Team Maryland has engaged K-12 students in a variety of ways throughout WaterShed’s process, most notably working with a group of students from The Potomac School in McLean, Virginia. Students from The Potomac School attended meetings of the WaterShed team and followed the progress of the project as the collegiate team weighed options and finalized WaterShed’s design. McKenzie Klein of The Potomac School along with Jeff Rappaport and Jay Chmilewski of Team Maryland spent the winter and spring creating a novel solution for measuring the concentration of lithium chloride in the Liquid Desiccant Waterfall that Team Maryland uses to remove humidity from the house. Together with Dr. Keith Herold, a member of the University’s Bio-Engineering faculty, the team created a device that electronically determines the Lithium Chloride concentration without placing any metal in contact with the highly corrosive substance.
The Liquid Desiccant Waterfall featured in WaterShed advances patent-pending technology developed by Maryland’s Solar Decathlon 2007 LEAFHouse team. This second-generation technology utilizes a salty Lithium Chloride solution in a completely regenerative cycle to remove humidity from the air. Removing humidity from WaterShed’s interior spaces decreases the latent load on the mini-split heat system and helps save energy and money while heating and cooling WaterShed.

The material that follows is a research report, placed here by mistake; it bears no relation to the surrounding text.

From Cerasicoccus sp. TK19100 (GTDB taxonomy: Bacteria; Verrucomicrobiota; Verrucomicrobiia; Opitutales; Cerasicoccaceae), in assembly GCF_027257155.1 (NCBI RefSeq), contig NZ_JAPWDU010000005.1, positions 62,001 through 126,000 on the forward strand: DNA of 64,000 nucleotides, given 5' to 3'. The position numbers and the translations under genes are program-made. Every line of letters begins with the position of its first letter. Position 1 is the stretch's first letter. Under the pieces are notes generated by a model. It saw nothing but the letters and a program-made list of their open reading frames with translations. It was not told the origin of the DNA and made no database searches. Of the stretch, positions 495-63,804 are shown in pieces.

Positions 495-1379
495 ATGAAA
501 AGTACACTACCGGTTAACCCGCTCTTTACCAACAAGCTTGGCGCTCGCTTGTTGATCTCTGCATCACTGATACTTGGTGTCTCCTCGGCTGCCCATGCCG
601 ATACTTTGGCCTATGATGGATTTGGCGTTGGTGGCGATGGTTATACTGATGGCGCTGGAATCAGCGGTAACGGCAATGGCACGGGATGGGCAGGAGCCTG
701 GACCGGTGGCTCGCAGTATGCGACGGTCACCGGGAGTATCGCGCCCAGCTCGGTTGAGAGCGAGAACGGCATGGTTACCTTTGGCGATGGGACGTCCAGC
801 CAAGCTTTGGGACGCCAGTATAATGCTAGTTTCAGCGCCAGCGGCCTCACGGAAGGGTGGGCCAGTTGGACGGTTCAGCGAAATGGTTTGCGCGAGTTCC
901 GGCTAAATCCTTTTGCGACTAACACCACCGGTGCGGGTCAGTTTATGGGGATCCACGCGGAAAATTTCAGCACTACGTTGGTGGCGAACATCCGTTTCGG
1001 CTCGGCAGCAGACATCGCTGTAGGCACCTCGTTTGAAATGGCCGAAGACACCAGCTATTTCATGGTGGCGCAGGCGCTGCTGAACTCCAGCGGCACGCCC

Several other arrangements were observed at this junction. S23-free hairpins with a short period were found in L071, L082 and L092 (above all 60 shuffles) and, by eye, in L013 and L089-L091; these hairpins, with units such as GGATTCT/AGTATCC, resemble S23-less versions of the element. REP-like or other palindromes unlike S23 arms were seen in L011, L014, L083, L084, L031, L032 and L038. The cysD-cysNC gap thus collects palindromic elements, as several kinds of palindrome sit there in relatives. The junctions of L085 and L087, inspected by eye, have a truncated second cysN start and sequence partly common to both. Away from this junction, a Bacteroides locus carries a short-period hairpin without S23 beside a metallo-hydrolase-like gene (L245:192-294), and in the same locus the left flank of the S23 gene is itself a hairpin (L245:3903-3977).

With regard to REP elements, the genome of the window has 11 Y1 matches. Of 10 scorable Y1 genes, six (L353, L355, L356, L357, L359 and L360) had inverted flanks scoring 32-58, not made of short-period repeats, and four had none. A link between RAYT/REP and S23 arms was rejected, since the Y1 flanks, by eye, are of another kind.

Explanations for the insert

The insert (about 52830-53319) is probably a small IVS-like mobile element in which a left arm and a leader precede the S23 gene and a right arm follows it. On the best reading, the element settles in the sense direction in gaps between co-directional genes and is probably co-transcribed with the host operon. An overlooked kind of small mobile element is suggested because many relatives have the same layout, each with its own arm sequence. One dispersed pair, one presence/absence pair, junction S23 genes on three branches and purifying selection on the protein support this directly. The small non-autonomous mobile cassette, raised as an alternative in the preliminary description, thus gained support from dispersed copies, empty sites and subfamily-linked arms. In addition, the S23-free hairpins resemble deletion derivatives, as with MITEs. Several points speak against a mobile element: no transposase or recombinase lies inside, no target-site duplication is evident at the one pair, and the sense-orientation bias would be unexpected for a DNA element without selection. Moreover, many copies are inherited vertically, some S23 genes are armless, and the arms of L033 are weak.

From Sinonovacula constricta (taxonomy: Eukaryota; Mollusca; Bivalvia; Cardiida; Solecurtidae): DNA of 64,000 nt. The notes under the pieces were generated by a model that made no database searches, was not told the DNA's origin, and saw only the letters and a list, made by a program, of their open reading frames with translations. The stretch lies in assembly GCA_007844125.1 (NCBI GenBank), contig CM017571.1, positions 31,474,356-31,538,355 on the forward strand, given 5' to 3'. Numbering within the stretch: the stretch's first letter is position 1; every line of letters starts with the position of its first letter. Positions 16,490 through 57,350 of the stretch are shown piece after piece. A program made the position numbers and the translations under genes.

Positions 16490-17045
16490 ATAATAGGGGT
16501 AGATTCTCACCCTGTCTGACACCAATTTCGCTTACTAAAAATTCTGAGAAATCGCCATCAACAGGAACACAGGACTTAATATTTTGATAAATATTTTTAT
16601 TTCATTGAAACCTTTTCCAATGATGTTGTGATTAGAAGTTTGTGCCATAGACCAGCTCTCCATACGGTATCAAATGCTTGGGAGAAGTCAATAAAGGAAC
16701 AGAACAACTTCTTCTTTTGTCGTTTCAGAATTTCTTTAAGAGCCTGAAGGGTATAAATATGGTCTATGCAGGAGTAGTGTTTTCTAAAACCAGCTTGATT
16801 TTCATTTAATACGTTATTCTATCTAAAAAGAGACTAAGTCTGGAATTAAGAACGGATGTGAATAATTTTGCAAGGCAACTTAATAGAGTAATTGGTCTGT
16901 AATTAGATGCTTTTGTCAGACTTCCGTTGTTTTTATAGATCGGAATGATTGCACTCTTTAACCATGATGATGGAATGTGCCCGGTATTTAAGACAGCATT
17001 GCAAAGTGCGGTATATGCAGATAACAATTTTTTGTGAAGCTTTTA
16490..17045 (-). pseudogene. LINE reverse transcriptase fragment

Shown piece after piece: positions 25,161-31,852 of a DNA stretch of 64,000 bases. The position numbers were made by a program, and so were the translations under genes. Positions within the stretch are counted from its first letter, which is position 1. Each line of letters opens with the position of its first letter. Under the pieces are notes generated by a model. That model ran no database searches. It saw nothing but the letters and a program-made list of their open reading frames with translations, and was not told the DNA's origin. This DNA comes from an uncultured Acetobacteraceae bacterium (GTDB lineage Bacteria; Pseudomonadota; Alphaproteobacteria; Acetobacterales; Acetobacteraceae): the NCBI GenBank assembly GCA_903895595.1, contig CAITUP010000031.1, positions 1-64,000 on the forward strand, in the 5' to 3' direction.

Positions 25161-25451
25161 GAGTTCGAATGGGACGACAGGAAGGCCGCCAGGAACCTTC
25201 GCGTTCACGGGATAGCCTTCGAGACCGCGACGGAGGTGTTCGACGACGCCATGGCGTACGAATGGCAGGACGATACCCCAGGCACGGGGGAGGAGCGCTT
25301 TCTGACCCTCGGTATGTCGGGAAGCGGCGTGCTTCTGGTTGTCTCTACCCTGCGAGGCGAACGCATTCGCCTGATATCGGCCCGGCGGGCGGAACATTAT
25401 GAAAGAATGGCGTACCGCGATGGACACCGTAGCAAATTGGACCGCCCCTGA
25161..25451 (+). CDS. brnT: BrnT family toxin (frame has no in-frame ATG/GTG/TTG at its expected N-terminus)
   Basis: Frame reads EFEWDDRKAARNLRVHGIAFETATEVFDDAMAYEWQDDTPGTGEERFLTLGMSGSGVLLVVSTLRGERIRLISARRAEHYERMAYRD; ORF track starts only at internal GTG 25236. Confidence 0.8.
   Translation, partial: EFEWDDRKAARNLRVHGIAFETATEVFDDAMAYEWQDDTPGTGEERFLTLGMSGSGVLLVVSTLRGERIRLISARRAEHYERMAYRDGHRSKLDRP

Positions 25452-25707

When summer break arrived for The Potomac School, nine students joined the UMD team on the construction site each day where they prepared wood siding and decking for installation and worked with the environmental science students to prepare the constructed wetlands ands green roof. Eventually deemed “Team Awesome” by their college mentors, these students had a front row view of not only the construction process but also of the many variables that must be managed and integrated as part of creating a sustainable structure.
Senior civil engineering major Evan Smith, one of WaterShed’s construction managers said, “It was good to work with people who at a young age are interested in learning about living more sustainably. It was great to see their construction knowledge improve over the course of the summer.”
Working with students from The Potomac School helped Team Maryland inspire future Decathletes, building on the University’s Solar Decathlon legacy.